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PRINTED FOR J. JOHNSON, ST. PAUL'S CHURCHYARD,
By R. Taylor and Co. Black Horse Court, Fleet Street.
1523 SECOND AVENUE.*
IT is equally true of books as of their authors, that one generation passeth away and another cometh. Whoever has lived long enough to compare one race of men with that which has preceded it, will have observed a change, not only in the tastes and habitudes of common life, but in the fashion of their studies, and their course of general reading. Books influence manners; and manners, in return, influence the taste for books.
Books make a silent and gradual, but a sure change in our ideas and opinions; and as new authors are continually taking possession of the public mind, and old ones falling into disuse, new associations insensibly take place, and shed their influence unperceived over our taste, our
manners, and our morals. If, for instance,
no longer be the book which every one who reads is expected to be acquainted with, to which allusions are often made, and readily understood in conversation; it loses the precious privilege of occupying the minds of youth in short, it is withdrawn from the parlour-window, and laid upon the shelf in honourable repose. It ceases to be current coin, but is preserved like a medal in the cabinets of the curious.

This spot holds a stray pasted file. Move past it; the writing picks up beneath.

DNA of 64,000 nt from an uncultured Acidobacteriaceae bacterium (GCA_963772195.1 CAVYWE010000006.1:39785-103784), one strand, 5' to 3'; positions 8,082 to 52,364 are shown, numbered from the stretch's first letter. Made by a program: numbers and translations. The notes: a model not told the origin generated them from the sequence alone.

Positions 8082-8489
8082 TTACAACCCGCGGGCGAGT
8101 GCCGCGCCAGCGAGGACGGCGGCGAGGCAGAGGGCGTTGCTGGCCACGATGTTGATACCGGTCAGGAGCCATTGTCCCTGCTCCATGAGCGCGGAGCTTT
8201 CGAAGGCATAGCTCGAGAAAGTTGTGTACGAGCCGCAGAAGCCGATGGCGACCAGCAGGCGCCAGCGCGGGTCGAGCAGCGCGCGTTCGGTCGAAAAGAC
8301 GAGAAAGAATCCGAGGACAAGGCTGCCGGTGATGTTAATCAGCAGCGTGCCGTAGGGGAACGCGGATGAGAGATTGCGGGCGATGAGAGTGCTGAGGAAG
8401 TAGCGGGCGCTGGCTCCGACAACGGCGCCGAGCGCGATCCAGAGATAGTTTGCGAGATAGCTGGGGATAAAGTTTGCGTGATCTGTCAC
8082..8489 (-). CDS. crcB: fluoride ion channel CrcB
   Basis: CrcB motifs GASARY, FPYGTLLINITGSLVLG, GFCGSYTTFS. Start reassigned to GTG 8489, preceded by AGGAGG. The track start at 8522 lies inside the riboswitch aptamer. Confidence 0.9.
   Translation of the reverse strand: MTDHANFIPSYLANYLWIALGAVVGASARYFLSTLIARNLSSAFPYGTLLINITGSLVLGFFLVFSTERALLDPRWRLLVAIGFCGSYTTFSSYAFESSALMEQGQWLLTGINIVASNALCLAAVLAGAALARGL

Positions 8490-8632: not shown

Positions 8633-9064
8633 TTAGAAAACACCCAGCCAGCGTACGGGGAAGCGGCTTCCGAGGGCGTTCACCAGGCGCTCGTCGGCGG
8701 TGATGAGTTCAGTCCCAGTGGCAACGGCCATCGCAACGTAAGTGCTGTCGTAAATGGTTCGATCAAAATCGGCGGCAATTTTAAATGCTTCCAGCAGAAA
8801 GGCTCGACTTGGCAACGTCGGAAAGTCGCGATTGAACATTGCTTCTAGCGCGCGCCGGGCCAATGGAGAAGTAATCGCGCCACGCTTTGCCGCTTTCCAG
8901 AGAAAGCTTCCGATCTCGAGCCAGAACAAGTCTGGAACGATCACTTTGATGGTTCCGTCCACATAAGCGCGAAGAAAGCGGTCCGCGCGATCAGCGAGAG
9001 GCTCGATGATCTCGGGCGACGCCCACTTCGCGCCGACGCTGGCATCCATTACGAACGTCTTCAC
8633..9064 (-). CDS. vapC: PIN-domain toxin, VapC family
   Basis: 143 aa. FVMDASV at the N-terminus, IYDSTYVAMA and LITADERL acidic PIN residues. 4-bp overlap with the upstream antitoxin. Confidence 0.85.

This revolution the Spectators, with the other sets of papers by the same hands, appear to the Editor to have undergone. When those were young who now are old, no books were so popular, particularly with the female sex. They were the favourite volumes in a young lady's horary; and probably the very first that, after the Bible, she would have thought of purchasing. Sir Roger de Coverley and the other characters of the club were familiar in our mouths as household names;' and every little circumstance related of them remained indelibly, engraven on our memories. From the papers of Addison we imbibed our first relish for wit; from his criticisms we formed our first standard of taste; and from his delineations we drew our first ideas of manners.